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Int J Dermatol. 2009 Oct;48(10):1066-70.

Needs assessment survey of psychocutaneous medicine.

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  • 1Department of Dermatology, University of Wisconsin-Madison School of Medicine and Public Health, Madison, WI 53715, USA.



Psychocutaneous medicine studies the boundaries between skin and mind, and takes the unique approach of examining the patients in their biopsychosocial context. It can help patients with chronic skin problems cope with anxiety and the social stigma of their disease. Decreased psychologic stress can contribute to better treatment outcomes and be an important key to patient care. In addition, some primary psychiatric disorders may be expressed in the skin, such as delusions of parasitosis. A psychocutaneous specialist is well placed to treat these disorders.


To assess the need for psychocutaneous medicine in dermatology, eighty-five attendees of the Wisconsin Dermatological Society (WDS) meeting were asked to complete a needs assessment survey.


Forty-two percent of respondents felt that 30% of their patients would benefit from psychiatric interventions. In addition, 43% of respondents did not routinely inquire about mental health issues. When they did recognize psychiatric needs in a patient, 83% of responders did not feel comfortable prescribing psychotropic medications.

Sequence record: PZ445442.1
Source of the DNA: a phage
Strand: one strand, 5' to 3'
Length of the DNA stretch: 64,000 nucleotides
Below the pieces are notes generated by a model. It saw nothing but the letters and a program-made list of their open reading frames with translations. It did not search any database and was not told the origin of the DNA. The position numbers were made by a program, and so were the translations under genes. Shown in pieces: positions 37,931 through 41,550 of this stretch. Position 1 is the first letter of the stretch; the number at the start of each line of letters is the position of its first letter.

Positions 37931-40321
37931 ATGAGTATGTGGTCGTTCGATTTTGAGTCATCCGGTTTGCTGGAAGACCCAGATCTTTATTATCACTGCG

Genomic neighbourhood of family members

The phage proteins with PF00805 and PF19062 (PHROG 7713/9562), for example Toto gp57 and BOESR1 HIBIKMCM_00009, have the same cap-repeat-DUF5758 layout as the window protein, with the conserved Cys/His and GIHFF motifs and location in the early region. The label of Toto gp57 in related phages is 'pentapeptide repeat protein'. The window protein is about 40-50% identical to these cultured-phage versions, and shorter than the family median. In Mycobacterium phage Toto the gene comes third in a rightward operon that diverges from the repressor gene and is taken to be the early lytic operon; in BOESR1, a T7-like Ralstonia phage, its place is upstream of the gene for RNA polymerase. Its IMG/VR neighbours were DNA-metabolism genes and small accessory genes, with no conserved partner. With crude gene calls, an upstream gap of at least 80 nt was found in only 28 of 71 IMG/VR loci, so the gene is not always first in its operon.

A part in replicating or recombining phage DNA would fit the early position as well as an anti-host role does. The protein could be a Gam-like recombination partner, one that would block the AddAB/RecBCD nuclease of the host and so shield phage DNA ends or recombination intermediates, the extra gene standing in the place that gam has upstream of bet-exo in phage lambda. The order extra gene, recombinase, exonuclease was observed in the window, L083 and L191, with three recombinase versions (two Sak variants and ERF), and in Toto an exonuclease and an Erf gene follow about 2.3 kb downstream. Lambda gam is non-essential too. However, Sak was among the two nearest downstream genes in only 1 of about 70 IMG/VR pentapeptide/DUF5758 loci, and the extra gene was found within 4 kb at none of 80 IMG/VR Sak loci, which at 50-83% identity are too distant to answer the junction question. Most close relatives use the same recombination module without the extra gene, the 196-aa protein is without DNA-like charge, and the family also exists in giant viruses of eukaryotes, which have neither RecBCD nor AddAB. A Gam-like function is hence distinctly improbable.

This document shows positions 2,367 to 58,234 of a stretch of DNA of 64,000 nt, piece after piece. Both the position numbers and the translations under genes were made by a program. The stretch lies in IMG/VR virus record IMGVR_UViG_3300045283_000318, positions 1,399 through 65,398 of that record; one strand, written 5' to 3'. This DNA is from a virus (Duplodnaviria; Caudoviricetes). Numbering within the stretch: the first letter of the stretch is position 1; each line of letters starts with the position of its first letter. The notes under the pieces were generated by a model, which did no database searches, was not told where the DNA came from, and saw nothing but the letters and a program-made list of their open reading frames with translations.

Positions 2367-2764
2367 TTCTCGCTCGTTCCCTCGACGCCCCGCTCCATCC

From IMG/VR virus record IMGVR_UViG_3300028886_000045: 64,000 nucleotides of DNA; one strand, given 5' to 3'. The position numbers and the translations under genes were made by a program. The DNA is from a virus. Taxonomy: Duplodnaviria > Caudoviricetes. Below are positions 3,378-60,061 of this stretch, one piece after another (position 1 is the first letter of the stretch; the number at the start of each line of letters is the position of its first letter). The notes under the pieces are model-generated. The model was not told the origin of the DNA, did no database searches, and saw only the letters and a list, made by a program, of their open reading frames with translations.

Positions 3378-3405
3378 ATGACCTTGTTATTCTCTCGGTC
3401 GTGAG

Our data showed that about one-half of the members of WDS attending the meeting believed that a high percentage of their patients would benefit from psychocutaneous intervention. Moreover, it was found that the training during medical school and dermatology residency was insufficient for professionals to confidently prescribe psychotropic medications. Considering the fact that studies have shown psychiatric comorbidity in 30% of dermatologic diseases, and that many of the respondents who felt that their patients would not benefit from psychocutaneous intervention did not inquire about psychologic effects of skin disease in their patients, we conclude that psychocutaneous medicine is an under-recognized field in dermatology. Further evaluation of the demand for psychocutaneous clinics and their integration into daily dermatologic practices and residency training programs is needed.

[PubMed - indexed for MEDLINE]
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